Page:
INFINITY, ETC. at Mercer Union (37 Lisgar), to April 1. 416-536-1519. Rating: NNNN Rating: NNNN
In Mercer Union's infinity, etc., nine crack conceptual artists stalk the elusive notion of the infinite and toy with time and numbers.
It's a solid, thought-provoking and often humorous show. Unfortunately, the most intriguing piece has had some technical difficulties.
Jonathan Monk has collected about 40 postcards of London's Big Ben, each marking a different time. A computerized slide projector is supposed to show an image of each postcard at its allotted time for 60 seconds and then shut off, sitting dormant for nearly 1,400 of the 1,440 minutes in a day. But the computer wasn't working, forcing curator Dave Dyment to show the images manually.
Montreal-based Daniel Olson contributes 12 colourful but worn glockenspiel bars for you to drop on the cement floor in any order you wish, and points out that there are a staggering 479,001,600 ways to play the tinny octave of notes.
In the back gallery, Kelly Mark recalls the immeasurable importance to a teenager of riding next to the driver with her bright red neon sign that reads "I Called Shotgun Infinity When I Was Twelve."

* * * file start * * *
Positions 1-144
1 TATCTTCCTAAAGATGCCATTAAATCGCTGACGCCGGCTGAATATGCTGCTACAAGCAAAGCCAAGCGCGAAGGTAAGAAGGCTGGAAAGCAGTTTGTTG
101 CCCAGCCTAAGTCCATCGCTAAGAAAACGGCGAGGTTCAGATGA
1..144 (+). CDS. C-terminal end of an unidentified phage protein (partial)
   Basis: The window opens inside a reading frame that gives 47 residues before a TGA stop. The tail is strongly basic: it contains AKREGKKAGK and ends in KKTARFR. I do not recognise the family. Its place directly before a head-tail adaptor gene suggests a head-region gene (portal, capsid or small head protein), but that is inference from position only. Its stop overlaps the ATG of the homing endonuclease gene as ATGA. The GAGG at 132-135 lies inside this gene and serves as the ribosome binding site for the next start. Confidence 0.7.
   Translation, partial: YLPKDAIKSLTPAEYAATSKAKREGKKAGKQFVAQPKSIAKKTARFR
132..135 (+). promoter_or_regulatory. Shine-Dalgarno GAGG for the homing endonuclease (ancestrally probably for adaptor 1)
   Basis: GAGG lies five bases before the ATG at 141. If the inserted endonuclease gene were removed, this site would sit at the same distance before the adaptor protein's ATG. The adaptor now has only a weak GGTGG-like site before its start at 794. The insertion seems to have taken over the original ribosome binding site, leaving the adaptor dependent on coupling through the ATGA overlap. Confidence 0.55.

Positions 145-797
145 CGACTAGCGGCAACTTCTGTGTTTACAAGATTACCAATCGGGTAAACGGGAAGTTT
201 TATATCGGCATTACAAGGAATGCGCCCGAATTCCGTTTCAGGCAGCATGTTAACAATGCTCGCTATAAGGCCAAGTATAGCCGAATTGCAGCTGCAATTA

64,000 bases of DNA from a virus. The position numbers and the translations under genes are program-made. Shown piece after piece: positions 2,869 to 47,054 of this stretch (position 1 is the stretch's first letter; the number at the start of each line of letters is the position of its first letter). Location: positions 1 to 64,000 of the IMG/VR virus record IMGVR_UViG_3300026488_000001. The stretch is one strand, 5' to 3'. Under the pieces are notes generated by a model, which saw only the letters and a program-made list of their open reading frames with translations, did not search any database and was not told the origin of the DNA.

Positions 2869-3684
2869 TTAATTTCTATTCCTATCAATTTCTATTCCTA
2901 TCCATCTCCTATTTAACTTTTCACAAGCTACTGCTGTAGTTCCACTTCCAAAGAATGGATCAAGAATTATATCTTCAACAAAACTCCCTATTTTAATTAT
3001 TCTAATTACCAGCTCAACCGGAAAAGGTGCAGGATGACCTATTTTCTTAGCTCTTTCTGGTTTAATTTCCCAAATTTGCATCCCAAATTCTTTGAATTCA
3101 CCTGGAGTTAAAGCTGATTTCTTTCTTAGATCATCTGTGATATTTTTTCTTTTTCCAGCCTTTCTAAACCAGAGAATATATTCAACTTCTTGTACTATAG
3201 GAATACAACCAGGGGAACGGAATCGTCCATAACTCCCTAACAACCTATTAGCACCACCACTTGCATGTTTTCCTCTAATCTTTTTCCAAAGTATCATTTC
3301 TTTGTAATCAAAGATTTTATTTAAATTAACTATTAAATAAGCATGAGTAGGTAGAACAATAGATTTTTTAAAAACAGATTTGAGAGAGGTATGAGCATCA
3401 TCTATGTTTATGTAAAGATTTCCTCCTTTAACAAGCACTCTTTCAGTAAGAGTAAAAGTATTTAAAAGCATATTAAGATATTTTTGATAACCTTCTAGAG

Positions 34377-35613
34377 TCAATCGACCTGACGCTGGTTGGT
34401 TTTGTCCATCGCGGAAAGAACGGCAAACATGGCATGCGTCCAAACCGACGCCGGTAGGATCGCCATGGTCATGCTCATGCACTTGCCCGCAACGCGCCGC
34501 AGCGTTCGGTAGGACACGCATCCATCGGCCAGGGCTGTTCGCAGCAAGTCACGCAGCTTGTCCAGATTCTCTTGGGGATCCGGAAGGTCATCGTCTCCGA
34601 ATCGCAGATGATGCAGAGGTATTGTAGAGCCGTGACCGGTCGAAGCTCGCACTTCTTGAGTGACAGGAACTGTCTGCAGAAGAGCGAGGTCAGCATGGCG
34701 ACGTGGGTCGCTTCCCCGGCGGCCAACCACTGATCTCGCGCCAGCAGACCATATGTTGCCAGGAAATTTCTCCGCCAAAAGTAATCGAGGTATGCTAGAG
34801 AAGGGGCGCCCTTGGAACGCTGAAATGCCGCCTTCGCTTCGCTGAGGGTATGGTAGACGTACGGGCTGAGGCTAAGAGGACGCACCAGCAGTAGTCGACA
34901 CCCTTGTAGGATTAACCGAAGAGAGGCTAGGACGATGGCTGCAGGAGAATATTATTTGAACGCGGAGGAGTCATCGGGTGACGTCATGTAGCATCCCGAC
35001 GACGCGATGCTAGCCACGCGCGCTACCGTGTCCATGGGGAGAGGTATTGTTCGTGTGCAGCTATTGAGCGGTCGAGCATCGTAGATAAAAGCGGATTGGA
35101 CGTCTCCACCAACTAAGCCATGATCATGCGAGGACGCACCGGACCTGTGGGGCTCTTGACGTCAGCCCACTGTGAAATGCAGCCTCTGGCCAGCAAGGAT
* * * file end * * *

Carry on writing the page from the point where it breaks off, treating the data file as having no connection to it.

Germaine Koh 's piece, Counter, features a tiny, forlorn six-digit mechanical counter with a matching black button installed right in the wall. It had been pressed, for no apparent reason, 6,528 times since 2002, until I pressed it a few times more.
Alas, the very notion of infinity exceeds and defies our mortal comprehension. Wisely, Sonic Youth's Lee Ranaldo takes a more poetic approach with his cameo piece. On a smooth, blank and slowly spinning 12-inch, the legendary guitar player crudely scrawled the words "A Way Out Of History." A blue glow shines through the hole in the centre like the light beckoning the dead to the afterlife. But the lack of grooves on the disc suggests the real answer to the problem of infinity is to stop counting and recording altogether.